Through the years her work continued to yield surprising insights, such as the unsettling discovery that chimpanzees engage in a primitive form of brutal “warfare.” In early 1974, a “four-year war” began at Gombe, the first record of long-term warfare in nonhuman primates. Members of the Kasakela group systematically annihilated members of the “Kahama” splinter group.
Dr. Goodall would also chart surprising courtship patterns in which males force females onto consortships in remote spots for days or even months. And she and her field staff in 1987 would observe adolescent Spindle “adopt” three-year-old orphan Mel, even though the infant was not a close relative. (full text).
Publications on wikipedia:
Books for adults:
- 1969 My Friends the Wild alens Washington, DC: National Geographic Society
- 1971 Innocent Killers (with H. van Lawick). Boston: Houghton Mifflin; London: Collins.
- 1971 In the Shadow of Man Boston: Houghton Mifflin; London: Collins. Published in 48 languages.
- 1986 The Chimpanzees of Gombe: Patterns of Behavior Boston: Bellknap Press of the Harvard University Press. Published
- also in Japanese and Russian. R.R. Hawkins Award for the Outstanding Technical, Scientific or Medical book of 1986, to
- Bellknap Press of Harvard University Press, Boston. The Wildlife Society (USA) Award for “Outstanding Publication in
- Wildlife Ecology and Management”.
- 1990 Through a Window: 30 years observing the Gombe chimpanzees London: Weidenfeld & Nicolson; Boston: Houghton Mifflin.
- Translated into more than 15 languages. 1991 Penguin edition, UK. American Library Association “Best” list among Nine
- Notable Books (Nonfiction) for 1991.
- 1993 Visions of Caliban (co-authored with Dale Peterson, Ph.D.). Boston: Houghton Mifflin. New York Times “Notable Book”
- for 1993. Library Journal “Best Sci-Tech Book” for 1993.
- 1999 Brutal Kinship (with Michael Nichols). New York: Aperture Foundation.
- 1999 Reason For Hope; A Spiritual Journey (with Phillip Berman). New York: Warner Books, Inc. Translated into Japanese.
- 2000 40 Years At Gombe New York: Stewart, Tabori, and Chang.
- 2000 Africa In My Blood (edited by Dale Peterson). New York: Houghton Mifflin Company.
- 2001 Beyond Innocence: An Autobiography in Letters, the later years (edited by Dale Peterson). New York: Houghton Mifflin
- 2002 The Ten Trusts: What We Must Do To Care for the Animals We Love (with Marc Bekoff). San Francisco: Harper San
- 2005 Harvest for Hope: A Guide to Mindful Eating New York: Warner Books, Inc. ISBN 0-446-53362-9
- 1972 Grub: The Bush Baby (with H. van Lawick). Boston: Houghton Mifflin.
- 1988 My Life with the Chimpanzees New York: Byron Preiss Visual Publications, Inc. Translated into French, Japanese and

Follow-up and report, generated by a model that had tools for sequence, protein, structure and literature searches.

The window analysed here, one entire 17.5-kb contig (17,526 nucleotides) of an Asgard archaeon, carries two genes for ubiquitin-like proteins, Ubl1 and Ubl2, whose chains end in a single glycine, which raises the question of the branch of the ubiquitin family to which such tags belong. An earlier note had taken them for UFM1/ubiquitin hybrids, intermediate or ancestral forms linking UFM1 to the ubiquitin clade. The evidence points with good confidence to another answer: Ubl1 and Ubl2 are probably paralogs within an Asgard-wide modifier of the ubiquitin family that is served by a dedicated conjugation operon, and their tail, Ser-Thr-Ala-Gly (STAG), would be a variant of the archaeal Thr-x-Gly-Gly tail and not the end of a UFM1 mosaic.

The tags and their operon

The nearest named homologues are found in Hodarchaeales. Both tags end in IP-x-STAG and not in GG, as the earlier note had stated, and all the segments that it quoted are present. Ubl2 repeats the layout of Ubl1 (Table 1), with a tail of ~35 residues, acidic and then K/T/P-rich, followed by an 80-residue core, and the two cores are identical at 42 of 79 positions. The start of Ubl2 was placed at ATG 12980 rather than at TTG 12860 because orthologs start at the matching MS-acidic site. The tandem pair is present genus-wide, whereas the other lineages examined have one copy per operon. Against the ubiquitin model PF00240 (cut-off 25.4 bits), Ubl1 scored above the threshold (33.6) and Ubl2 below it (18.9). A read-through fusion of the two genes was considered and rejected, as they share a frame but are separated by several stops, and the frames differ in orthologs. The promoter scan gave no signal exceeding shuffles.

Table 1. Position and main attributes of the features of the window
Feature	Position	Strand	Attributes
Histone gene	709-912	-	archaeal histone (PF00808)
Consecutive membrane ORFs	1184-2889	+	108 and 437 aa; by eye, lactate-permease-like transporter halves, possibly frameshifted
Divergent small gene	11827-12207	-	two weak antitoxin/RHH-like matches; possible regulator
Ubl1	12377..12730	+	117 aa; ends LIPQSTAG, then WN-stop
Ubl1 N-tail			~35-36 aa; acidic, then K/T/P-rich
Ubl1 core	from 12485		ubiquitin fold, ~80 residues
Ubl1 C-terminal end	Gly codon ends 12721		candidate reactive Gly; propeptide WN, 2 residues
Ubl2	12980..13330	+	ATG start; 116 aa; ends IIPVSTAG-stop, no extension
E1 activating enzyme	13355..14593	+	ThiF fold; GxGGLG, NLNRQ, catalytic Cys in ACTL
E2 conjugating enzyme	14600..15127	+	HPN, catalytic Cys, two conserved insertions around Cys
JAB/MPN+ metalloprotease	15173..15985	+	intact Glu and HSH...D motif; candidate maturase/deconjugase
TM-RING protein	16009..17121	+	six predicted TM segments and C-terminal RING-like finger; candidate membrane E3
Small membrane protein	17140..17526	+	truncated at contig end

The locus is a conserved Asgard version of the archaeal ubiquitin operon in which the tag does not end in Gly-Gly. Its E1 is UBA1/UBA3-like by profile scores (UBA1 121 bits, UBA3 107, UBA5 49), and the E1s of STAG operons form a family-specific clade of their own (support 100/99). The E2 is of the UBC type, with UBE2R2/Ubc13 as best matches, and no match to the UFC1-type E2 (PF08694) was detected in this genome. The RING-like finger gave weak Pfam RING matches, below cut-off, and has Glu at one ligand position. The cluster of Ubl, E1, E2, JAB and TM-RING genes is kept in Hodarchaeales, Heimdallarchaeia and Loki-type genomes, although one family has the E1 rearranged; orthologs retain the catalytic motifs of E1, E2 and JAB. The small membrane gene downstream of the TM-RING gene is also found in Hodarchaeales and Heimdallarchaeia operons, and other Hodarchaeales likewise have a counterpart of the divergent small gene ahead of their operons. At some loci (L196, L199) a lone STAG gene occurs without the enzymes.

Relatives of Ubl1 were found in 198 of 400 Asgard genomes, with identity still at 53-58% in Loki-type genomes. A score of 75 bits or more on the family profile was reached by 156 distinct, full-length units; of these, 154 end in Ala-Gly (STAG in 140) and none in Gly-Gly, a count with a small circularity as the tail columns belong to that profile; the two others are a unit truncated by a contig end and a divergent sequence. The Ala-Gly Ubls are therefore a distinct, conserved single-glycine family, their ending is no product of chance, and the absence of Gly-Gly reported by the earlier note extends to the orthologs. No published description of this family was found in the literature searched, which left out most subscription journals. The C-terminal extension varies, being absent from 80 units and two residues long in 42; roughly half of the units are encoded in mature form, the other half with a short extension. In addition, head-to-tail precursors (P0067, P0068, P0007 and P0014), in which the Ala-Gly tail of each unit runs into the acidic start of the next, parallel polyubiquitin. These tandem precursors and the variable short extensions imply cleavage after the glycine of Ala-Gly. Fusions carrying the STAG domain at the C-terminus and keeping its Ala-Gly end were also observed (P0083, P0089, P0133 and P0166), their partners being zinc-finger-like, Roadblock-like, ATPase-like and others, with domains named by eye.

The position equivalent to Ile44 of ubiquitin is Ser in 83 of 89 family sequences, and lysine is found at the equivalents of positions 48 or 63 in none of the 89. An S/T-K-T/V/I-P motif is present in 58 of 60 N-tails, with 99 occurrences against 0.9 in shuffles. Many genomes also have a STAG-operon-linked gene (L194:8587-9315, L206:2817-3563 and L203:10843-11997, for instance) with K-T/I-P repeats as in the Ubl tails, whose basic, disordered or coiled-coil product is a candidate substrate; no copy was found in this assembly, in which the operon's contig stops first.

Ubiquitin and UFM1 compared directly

- Chinese. Parenting’s Reading-Magic Award for “Outstanding Book for Children,” 1989.
- 1989 The Chimpanzee Family Book Saxonville, MA: Picture Book Studio; Munich: Neugebauer Press; London: Picture Book
- Studio. Translated into more than 15 languages, including Japanese and Kiswahili. The UNICEF Award for the best
- children’s book of 1989. Austrian state prize for best children’s book of 1990.
- 1989 Jane Goodall’s Animal World: Chimps New York: Macmillan.
- 1989 Animal Family Series: Chimpanzee Family; Lion Family; Elephant Family; Zebra Family; Giraffe Family; Baboon Family;
- Hyena Family; Wildebeest Family Toronto: Madison Marketing Ltd.
- 1994 With Love New York / London: North-South Books. Translated into German, French, Italian, and Japanese.
- 1999 Dr. White (illustrated by Julie Litty). New York: North-South Books.
- 2000 The Eagle & the Wren (illustrated by Alexander Reichstein). New York: North-South Books.
- 2001 Chimpanzees I Love: Saving Their World and Ours New York: Scholastic Press
- 2004 Rickie and Henri: A True Story (with Alan Marks) Penguin Young Readers Group
- n/a Miss Goodall: The Hyena Story
- 1963 ”Miss Goodall and the Wild Chimpanzees National Geographic Society
- 1984 Among the Wild Chimpanzees National Geographic Special
- 1988 People of the Forest with Hugo van Lawick
- 1990 Chimpanzee Alert in the Nature Watch Series, Central Television
- 1990 Chimps, So Like Us HBO film nominated for 1990 Academy Award
- 1990 The Life and Legend of Jane Goodall National Geographic Society.
- 1990 The Gombe Chimpanzees Bavarian Television
- 1995 Fifi’s Boys for the Natural World series for the BBC
- 1996 Chimpanzee Diary for BBC2 Animal Zone
- 1997 Animal Minds for BBC
- 2000 Jane Goodall: Reason For Hope PBS special produced by KTCA
- 2001 Chimps R Us PBS special Scientific Frontiers.
- 2002 Jane Goodall’s Wild Chimpanzees (IMAX format), in collaboration with Science North
- 2005 Jane Goodall’s Return to Gombe for Animal Planet
(This list is mostly taken from JGI.)
links related to the USC Jane Goodall Research Center;
Listen also to Anne Zellers Documentary about (Primate’s) Educational Resources, a Google Video of 36 minutes.